- The Washington Times - Saturday, March 24, 2001

THE WASHINGTON TIMES Arthur Miller, one of the country's most prolific and best-known playwrights, will discuss the role of politicians as actors when he presents the National Endowment for the Humanities' 30th Jefferson Lecture on Monday night in the Kennedy Center's Concert Hall.

The title of the lecture, "Politics and the Art of Acting," refers to both past and present officeholders, he says in a brief telephone interview from his office in New York.

"It's a look at various political people — the main players. Democrats and Republicans both," he says.

"Some people might think it controversial," he replies in answer to a question about what sort of reaction he expects.

The tack isn't unusual for him, he notes. "All my work has been involved with the times in which I live. This is looking at [politicians] as performers. It includes everybody. It's just a general view of life now as it affects the body politic."

The 85-year-old playwright, who lives in Connecticut, began his career as an undergraduate at the University of Michigan. His best-known plays include "All My Sons," "Death of a Salesman" and "The Crucible" and touch on the problem of an individual in society confronting unfeeling or unjust authority.

NEH Chairman William Ferris asks Mr. Miller what he regards as the artist's role in political life in the current issue of Humanities, the NEH magazine.

"I would hope that he would just be a good — if I may use that corny old phrase — a good citizen," Mr. Miller replies. "I wouldn't lay it down as a rule that an artist has to do anything he doesn't feel like doing, but sometimes there are issues. For example, censorship is of immediate importance to us."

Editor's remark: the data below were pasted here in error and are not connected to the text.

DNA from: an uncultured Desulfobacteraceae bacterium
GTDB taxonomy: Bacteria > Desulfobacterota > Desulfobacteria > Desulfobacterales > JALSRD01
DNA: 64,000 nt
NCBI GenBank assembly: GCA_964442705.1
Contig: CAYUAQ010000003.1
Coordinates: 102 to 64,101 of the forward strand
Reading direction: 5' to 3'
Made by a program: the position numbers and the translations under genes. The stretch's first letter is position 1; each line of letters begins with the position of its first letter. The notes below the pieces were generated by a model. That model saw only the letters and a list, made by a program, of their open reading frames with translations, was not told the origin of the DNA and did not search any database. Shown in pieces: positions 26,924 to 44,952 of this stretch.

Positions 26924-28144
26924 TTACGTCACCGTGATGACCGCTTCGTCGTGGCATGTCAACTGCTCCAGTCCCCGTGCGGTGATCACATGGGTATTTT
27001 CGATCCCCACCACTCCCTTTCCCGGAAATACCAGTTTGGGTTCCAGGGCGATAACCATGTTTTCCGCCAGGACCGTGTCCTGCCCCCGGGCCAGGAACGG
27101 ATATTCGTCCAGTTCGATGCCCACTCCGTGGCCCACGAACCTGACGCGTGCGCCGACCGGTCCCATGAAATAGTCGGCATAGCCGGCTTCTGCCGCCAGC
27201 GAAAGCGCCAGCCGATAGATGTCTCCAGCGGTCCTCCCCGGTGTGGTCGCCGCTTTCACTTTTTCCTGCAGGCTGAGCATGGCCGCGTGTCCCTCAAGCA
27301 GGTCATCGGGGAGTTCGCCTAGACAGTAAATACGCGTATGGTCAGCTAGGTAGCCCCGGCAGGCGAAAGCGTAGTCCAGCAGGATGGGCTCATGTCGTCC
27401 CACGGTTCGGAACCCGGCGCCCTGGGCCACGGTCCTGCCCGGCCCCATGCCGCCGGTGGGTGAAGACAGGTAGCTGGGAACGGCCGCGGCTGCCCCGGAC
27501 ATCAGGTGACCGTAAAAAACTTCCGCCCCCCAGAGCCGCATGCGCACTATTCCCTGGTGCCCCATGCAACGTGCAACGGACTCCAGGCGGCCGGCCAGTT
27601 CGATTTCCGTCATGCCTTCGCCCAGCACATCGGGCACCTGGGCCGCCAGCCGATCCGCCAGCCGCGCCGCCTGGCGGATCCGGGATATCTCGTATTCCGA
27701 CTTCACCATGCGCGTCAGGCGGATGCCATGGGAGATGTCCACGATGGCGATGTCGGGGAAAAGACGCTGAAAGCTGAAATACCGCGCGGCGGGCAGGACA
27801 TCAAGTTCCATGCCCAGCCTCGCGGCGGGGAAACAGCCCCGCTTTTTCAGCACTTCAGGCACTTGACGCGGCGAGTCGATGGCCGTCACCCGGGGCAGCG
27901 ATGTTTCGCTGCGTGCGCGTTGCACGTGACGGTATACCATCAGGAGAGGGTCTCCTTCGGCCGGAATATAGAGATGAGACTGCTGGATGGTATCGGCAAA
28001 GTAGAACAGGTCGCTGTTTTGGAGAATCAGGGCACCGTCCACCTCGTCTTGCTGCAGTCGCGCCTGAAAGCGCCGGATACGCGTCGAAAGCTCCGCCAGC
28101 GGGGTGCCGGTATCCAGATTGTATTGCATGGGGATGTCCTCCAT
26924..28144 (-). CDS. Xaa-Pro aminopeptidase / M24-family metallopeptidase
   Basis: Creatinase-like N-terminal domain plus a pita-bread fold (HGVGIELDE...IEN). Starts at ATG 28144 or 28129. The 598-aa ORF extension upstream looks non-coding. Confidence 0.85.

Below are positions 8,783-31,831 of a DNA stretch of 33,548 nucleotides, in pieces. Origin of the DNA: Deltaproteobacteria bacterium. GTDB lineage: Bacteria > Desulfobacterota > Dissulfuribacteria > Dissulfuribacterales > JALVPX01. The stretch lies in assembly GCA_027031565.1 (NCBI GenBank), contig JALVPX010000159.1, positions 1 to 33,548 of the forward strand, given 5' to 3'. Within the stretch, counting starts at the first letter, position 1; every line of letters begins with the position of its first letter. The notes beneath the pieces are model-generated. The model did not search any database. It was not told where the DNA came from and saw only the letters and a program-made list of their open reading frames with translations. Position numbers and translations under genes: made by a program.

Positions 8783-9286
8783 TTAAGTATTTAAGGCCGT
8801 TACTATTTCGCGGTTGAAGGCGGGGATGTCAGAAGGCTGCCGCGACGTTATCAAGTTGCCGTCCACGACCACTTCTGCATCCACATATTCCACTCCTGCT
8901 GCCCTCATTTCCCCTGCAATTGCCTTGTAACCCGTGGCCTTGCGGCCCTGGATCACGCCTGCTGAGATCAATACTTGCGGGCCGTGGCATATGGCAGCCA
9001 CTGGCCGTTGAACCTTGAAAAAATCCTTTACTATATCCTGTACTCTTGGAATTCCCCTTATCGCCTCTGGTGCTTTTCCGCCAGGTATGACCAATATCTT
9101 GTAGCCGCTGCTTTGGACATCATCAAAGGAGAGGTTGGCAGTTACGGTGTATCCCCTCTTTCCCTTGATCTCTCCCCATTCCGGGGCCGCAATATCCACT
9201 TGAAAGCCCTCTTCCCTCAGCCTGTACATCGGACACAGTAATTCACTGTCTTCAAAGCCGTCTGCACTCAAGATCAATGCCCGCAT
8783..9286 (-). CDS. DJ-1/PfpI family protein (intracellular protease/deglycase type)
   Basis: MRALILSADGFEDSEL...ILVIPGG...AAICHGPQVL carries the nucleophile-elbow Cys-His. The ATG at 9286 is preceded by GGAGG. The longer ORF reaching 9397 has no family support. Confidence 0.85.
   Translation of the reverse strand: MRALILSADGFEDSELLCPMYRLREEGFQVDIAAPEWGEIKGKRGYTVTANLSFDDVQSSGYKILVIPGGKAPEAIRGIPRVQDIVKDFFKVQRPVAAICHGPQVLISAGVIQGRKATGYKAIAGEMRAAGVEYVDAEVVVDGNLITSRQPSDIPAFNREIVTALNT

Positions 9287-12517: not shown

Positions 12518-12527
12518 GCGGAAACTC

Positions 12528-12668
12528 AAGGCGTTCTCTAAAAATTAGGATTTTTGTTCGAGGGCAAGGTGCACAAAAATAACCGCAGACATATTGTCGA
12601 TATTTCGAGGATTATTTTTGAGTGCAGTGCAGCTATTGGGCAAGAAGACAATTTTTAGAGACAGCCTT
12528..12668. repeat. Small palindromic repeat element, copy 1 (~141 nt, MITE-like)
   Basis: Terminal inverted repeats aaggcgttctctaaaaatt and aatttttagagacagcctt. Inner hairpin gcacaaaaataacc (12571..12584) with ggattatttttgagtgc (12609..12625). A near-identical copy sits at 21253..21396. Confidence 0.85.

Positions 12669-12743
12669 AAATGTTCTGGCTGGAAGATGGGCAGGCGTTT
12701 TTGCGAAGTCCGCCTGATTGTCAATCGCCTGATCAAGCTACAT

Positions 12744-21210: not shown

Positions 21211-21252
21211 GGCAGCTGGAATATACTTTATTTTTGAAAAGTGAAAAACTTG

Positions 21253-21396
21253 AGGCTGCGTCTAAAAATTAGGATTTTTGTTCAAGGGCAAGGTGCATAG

Mr. Miller's most recent work, a collection of essays titled "Echoes Down the Corridor," was published last year.

"I'm working on a play right now," he says, adding that he is always reluctant to talk about the subject in advance. "I hope to have it ready in the immediate future."

His last Broadway play, "A Ride Down Mount Morgan," first performed in 1991, is being adapted for film and will be directed by Czech-born director Milos Forman, perhaps best known for "One Flew Over the Cuckoo's Nest."

"The next thing on Broadway will be a new production of 'The Crucible,' to be done next January, with Liam Neeson and directed by Sir Richard Eyre," Mr. Miller says.

The entire Miller family is involved in artistic ventures of one kind or another. Mr. Miller's wife is photographer Inge Morath, and the two have collaborated together on three books of photographs. Their daughter, Rebecca Miller, is author of a forthcoming book of short stories and is directing three of them for television.

The Jefferson Lecture, which comes with a $10,000 honorarium, traditionally is given by outstanding men and women in the field of the humanities who have contributed to public life. The lecturer is chosen by a 26-member advisory board.

Monday's event, which is free and open to the public, takes place at 7:30 p.m. Afterward, a reception will be held in the Kennedy Center Atrium, F Street and New Hampshire Avenue NW. For information, call 202/606-8446, or call up the Web site [email protected]




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